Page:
Beginning in the latter part of 2007, the proposed establishment of Chinese and Russian Sovereign Wealth Funds ("SWFs") sparked considerable governmental, intergovernmental and private financial and business sector interest in, and countervailing concerns as to, SWFs. This concern evolved into a growing realization that the cumulative asset size of SWFs was beginning to represent an increasingly significant (though not yet systemically significant) component of the international capital markets. This significance became further magnified when one considered the separate but related proliferation of other state-owned entities operating and investing globally. In addition, in the latter part of 2007, the U.S. and global financial sectors began to generate heightened investment interest in these SWFs because they helped to shore-up fragile global financial institutions, when the current Global Financial Crisis ("GFC") began to rear its head. Even intergovernmental development institutions came to see SWFs as possible engines for selective economic development financings. Yet, this positive interest in SWFs also precipitated corresponding political ambivalence and outright concerns in various countries over possible untoward geopolitical, national foreign investment and national security implications to which a fundamental shift in global financial and economic markets (i.e., a perceived rise in "Global State Capitalism") might give rise.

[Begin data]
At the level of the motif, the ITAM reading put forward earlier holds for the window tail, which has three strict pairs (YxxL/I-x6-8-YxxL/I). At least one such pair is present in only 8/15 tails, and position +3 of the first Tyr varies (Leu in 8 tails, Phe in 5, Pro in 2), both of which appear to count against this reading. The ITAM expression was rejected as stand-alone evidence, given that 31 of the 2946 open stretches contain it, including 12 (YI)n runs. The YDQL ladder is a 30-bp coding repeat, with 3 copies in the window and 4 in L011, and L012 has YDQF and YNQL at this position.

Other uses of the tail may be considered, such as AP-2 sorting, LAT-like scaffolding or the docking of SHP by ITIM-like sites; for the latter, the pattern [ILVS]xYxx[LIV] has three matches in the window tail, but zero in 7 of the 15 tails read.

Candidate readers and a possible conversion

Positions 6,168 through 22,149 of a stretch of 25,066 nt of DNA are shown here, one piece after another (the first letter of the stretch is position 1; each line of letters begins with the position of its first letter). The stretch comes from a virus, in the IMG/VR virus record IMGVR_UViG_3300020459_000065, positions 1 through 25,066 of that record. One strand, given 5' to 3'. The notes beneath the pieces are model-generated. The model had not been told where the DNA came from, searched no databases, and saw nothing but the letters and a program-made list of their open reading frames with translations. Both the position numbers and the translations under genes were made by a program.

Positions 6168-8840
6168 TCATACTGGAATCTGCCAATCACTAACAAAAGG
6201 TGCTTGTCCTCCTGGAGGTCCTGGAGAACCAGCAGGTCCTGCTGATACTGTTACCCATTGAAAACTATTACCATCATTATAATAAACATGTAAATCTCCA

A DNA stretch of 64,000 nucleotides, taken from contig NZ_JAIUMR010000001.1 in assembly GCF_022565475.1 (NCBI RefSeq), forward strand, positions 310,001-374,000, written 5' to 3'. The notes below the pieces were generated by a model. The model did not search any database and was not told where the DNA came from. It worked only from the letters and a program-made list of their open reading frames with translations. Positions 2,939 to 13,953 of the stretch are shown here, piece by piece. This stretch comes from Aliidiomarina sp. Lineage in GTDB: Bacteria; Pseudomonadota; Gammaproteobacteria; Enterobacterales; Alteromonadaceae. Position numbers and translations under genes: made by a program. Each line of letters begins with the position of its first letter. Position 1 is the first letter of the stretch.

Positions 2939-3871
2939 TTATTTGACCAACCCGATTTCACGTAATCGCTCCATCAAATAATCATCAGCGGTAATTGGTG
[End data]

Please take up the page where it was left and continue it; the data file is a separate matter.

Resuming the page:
This article critiques the ad hoc processes (international, domestic and industry-based) surrounding the establishment of the International Working Group of Sovereign Wealth Funds ("IWG") of twenty-six IMF member countries having SWFs for the purpose of formulating the SWF-related "Generally Accepted Principles and Practices" (Santiago Principles or "GAPP"). The article likewise critiques the subsequent creation in April 2009 of a permanent standing group under the so-called Kuwait Declaration, the International Forum of Sovereign Wealth Funds ("ISWF Forum") for continuing and expanding upon the IWG-ISWF Forum process. The primary objective of this critique is to explore how this IWG-ISWF Forum process (1) can be made more "administratively sound" in terms of legitimacy, transparency and accountability, and (2) can be made more relevant to the current reconfiguration of the global financial system that is underway under the guidance of the Group of 7 ("G7") Finance Ministers, the Group of 20 ("G20") Finance Ministers and the Heads of State ("Leaders"). In effect, this article addresses the subject matter of SWFs from the vantage point of the proliferation of "global administrative networks" in the international economic and financial law area.
Journal of International Economic Law
Joseph J. Norton, The Santiago Principles and the International Forum of Sovereign Wealth Funds: Evolving Components of the New Bretton Woods II Post-Global Financial Crisis Architecture and Another Example of Ad Hoc Global Administrative Networking and Related Soft Rulemaking, 29 REV. BANKING & FIN. L. 465 (2010).